The present invention provides a method of inducing apoptosis of tumor cells comprising contacting said tumor cells with the anti-HLA-DR antibodies or antibody fragments described herein. The antibodies of the present invention induce apoptosis of the cells selected from the group consisting of myelomonocytic leukemia cells, Burkitts lymphoma cells, non-Hodgkin's lymphoma cells, acute myelocytic leukemia cells, and melanoma. Preferably, the anti-HLA-DR antibodies of the present invention induce apoptosis of AML cells (acute myelocytic leukemia cells), more preferably, KG-1 cells, THP-1 cells. Preferably, the anti-HLA-DR antibodies of the present invention induce apoptosis of B cells, such as Raji or Daudi cells. Preferably the anti-HLA-DR antibodies of the present invention induce apoptosis of melanoma cells, such as C32 and HT-144 cells. Preferably, the monoclonal antibody induces apoptosis by more than 35%. More preferably, the monoclonal antibody induces apoptosis of these cells by more than 50%.
The present invention comprises a pharmaceutical composition comprising the anti-HLA-DR antibodies, antibody fragments or antibody conjugates described herein and a pharmaceutical carrier.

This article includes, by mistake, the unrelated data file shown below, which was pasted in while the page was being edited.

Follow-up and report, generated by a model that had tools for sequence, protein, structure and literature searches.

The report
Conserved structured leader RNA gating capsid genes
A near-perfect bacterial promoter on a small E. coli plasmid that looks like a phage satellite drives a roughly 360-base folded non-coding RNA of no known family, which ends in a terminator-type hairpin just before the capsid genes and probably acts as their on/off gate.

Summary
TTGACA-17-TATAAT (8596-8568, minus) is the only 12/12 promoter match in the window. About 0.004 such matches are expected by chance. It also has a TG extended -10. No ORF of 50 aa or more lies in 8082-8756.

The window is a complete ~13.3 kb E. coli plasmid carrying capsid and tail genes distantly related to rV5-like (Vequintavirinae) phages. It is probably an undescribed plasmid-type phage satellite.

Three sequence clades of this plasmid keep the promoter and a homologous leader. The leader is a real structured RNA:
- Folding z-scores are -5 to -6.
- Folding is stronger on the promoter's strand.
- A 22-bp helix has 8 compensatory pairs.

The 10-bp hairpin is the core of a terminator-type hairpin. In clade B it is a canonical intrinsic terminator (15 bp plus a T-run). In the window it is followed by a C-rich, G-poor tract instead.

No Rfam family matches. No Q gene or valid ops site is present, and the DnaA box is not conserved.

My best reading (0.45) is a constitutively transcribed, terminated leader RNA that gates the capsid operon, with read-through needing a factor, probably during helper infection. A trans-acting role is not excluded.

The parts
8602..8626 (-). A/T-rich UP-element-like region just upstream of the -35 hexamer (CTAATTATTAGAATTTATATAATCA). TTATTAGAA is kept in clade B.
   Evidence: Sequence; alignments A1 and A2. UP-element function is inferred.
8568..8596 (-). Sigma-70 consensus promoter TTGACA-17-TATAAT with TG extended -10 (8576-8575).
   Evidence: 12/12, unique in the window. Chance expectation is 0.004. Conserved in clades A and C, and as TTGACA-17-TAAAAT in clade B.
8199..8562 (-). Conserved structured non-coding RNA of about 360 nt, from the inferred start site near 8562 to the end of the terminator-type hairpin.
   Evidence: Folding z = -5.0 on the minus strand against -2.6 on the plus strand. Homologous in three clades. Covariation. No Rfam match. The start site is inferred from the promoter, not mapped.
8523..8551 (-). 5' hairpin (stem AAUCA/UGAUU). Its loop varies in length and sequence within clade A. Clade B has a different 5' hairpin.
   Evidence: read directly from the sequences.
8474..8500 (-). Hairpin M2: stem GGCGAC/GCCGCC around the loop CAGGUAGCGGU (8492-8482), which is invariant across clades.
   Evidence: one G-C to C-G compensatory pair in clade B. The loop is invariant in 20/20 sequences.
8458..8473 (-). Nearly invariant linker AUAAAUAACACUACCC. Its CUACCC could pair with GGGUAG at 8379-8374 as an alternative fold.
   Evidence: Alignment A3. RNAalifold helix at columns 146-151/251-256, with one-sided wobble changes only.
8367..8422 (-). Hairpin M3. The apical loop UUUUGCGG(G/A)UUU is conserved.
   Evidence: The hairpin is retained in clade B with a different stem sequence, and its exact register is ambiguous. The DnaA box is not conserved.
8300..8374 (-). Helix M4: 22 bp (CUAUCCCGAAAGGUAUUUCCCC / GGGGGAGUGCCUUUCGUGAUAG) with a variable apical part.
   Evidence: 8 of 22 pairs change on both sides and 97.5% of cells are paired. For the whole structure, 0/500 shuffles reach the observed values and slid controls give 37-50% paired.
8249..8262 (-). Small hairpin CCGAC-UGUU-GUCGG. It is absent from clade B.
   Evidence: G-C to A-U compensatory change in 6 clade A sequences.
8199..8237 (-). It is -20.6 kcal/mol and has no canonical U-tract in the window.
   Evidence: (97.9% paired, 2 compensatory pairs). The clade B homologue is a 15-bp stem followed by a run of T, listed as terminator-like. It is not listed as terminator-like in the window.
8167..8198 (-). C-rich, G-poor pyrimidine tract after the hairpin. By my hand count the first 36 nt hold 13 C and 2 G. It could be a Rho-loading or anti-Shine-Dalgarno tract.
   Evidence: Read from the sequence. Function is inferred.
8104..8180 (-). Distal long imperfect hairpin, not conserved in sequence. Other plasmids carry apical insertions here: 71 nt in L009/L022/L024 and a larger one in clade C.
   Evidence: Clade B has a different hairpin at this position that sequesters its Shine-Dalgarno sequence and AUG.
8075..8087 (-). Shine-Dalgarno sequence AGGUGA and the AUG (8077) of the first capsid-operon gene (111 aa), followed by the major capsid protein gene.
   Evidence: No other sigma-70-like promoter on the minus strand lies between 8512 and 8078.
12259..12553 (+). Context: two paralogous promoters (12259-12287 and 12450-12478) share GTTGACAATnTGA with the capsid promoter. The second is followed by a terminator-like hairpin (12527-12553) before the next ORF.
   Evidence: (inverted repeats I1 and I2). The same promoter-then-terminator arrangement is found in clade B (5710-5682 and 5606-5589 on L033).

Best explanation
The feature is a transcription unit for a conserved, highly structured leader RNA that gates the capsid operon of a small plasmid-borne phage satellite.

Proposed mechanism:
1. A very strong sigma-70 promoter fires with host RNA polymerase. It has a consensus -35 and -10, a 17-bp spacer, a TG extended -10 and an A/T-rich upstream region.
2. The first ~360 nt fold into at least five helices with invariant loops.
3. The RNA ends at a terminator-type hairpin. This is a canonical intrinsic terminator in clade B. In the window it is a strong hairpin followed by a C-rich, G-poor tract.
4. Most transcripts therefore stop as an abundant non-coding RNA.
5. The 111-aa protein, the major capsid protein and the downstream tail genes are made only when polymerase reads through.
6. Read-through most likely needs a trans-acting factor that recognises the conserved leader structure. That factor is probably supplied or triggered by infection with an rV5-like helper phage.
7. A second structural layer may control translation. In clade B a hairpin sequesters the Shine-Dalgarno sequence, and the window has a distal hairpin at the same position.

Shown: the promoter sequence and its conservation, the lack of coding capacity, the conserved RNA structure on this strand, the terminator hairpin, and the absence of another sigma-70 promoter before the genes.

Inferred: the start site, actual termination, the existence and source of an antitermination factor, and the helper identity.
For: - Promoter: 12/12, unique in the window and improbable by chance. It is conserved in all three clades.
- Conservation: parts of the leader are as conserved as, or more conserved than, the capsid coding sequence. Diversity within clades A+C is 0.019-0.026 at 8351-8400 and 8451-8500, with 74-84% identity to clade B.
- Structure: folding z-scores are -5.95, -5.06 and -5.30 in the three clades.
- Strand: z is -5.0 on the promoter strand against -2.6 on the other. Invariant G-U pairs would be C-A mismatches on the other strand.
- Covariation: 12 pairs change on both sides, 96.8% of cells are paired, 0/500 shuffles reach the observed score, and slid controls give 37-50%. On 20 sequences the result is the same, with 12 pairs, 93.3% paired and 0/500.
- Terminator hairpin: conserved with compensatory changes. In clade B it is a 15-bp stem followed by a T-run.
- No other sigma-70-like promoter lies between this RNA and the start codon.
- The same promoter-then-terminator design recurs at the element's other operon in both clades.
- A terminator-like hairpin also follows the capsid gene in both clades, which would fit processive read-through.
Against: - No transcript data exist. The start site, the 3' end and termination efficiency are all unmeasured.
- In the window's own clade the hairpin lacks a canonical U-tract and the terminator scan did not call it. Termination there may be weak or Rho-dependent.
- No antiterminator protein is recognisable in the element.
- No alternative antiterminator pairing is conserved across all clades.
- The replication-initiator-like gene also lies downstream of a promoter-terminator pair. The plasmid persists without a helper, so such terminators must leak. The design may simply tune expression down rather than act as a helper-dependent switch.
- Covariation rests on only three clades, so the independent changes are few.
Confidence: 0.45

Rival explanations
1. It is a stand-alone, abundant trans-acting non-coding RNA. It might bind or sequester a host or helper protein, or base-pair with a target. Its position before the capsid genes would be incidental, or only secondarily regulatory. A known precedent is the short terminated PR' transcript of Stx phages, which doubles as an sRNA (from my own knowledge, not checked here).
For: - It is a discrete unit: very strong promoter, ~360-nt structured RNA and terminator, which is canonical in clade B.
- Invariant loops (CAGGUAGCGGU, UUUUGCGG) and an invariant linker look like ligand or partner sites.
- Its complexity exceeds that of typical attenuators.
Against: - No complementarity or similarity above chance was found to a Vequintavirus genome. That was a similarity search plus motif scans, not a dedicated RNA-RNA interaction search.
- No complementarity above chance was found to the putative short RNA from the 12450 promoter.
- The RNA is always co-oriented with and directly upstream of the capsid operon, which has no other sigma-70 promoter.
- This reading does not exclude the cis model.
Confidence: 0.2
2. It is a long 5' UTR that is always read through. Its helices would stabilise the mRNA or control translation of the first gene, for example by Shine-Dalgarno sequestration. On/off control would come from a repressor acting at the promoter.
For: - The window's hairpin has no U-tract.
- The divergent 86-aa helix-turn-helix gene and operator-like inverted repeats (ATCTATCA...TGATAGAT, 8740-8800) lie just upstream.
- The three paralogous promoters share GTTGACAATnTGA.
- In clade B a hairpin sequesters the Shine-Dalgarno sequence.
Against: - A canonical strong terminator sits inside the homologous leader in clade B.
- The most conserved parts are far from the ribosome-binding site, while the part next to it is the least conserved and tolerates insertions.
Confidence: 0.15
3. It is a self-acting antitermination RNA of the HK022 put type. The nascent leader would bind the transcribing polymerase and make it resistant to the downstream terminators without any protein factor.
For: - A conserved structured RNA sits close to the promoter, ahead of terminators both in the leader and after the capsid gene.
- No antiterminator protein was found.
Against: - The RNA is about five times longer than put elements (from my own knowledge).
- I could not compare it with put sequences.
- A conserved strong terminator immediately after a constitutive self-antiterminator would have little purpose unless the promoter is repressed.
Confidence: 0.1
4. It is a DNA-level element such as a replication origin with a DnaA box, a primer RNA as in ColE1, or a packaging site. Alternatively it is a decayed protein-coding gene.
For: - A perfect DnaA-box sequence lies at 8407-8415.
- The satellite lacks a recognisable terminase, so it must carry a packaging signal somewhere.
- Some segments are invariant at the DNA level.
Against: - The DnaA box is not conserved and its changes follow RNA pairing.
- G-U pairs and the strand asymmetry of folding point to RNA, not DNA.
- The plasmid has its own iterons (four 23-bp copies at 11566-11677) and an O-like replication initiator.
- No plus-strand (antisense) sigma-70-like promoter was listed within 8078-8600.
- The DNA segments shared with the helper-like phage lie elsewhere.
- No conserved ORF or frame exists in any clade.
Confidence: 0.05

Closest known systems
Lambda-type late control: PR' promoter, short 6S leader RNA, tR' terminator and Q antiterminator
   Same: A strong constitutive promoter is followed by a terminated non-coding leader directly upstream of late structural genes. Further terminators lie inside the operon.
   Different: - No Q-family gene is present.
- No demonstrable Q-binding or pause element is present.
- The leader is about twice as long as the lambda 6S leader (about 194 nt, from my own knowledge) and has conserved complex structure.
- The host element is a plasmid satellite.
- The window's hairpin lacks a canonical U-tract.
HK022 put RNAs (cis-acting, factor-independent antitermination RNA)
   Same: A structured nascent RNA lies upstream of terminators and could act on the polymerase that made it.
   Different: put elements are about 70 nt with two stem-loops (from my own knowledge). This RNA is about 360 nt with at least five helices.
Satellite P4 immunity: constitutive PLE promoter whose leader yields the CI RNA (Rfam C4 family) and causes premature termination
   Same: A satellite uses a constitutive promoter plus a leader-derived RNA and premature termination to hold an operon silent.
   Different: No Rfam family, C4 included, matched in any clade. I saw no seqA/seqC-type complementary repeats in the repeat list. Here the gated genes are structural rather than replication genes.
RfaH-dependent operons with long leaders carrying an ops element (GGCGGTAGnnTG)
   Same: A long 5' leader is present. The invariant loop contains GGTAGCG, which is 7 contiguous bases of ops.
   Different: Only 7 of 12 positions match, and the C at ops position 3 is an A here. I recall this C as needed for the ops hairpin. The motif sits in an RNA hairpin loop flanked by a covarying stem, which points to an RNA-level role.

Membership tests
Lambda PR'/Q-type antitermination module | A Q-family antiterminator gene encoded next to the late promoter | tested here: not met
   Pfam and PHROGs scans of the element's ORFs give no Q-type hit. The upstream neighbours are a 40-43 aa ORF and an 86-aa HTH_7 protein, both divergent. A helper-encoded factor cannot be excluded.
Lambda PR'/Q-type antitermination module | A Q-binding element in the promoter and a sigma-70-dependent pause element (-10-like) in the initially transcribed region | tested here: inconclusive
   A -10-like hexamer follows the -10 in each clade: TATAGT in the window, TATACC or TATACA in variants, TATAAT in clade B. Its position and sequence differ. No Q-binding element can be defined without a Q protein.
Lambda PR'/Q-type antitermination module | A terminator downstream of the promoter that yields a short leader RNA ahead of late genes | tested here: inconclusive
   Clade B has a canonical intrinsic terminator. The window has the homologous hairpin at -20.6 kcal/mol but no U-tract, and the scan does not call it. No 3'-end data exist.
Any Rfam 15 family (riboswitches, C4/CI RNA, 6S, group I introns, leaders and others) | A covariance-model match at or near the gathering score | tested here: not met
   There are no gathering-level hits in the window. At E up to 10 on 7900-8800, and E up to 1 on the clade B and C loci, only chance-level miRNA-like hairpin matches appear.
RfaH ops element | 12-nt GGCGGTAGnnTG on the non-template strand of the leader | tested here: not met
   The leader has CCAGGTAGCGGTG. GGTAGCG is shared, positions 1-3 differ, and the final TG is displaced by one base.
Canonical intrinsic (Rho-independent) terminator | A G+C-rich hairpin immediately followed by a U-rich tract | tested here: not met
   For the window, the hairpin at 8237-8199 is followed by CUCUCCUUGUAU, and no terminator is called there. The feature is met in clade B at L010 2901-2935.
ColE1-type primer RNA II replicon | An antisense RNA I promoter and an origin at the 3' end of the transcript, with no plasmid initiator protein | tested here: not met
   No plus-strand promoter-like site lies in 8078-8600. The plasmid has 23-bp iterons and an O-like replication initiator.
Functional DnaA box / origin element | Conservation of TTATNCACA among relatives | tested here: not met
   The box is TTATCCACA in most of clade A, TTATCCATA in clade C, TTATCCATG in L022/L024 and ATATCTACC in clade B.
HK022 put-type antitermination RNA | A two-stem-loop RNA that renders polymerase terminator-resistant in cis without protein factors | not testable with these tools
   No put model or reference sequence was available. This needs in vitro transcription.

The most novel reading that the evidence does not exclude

The present invention also provides a method of treating leukemia, lymphomas or solid tumor in a subject in need of the treating comprising administering into a subject in need of the treating the anti-HLA-DR antibodies or antibody fragments described herein in a pharmaceutically effective amount. Preferably, the anti-HLA-DR antibodies can be used for the treatment of Burkitt's lymphoma or various types of leukemia, including, but not limited to, acute leukemias (including acute lymphocytic leukemia (ALL) and acute myelogenous leukemia (AML), chronic leukemias (chronic lymphocytic leukemia (CCL), chronic myelogenous leukemia (CML) or hairy cell leukemia), as well as certain types of solid tumor, including, but not limited to, melanoma or ovarian cancer.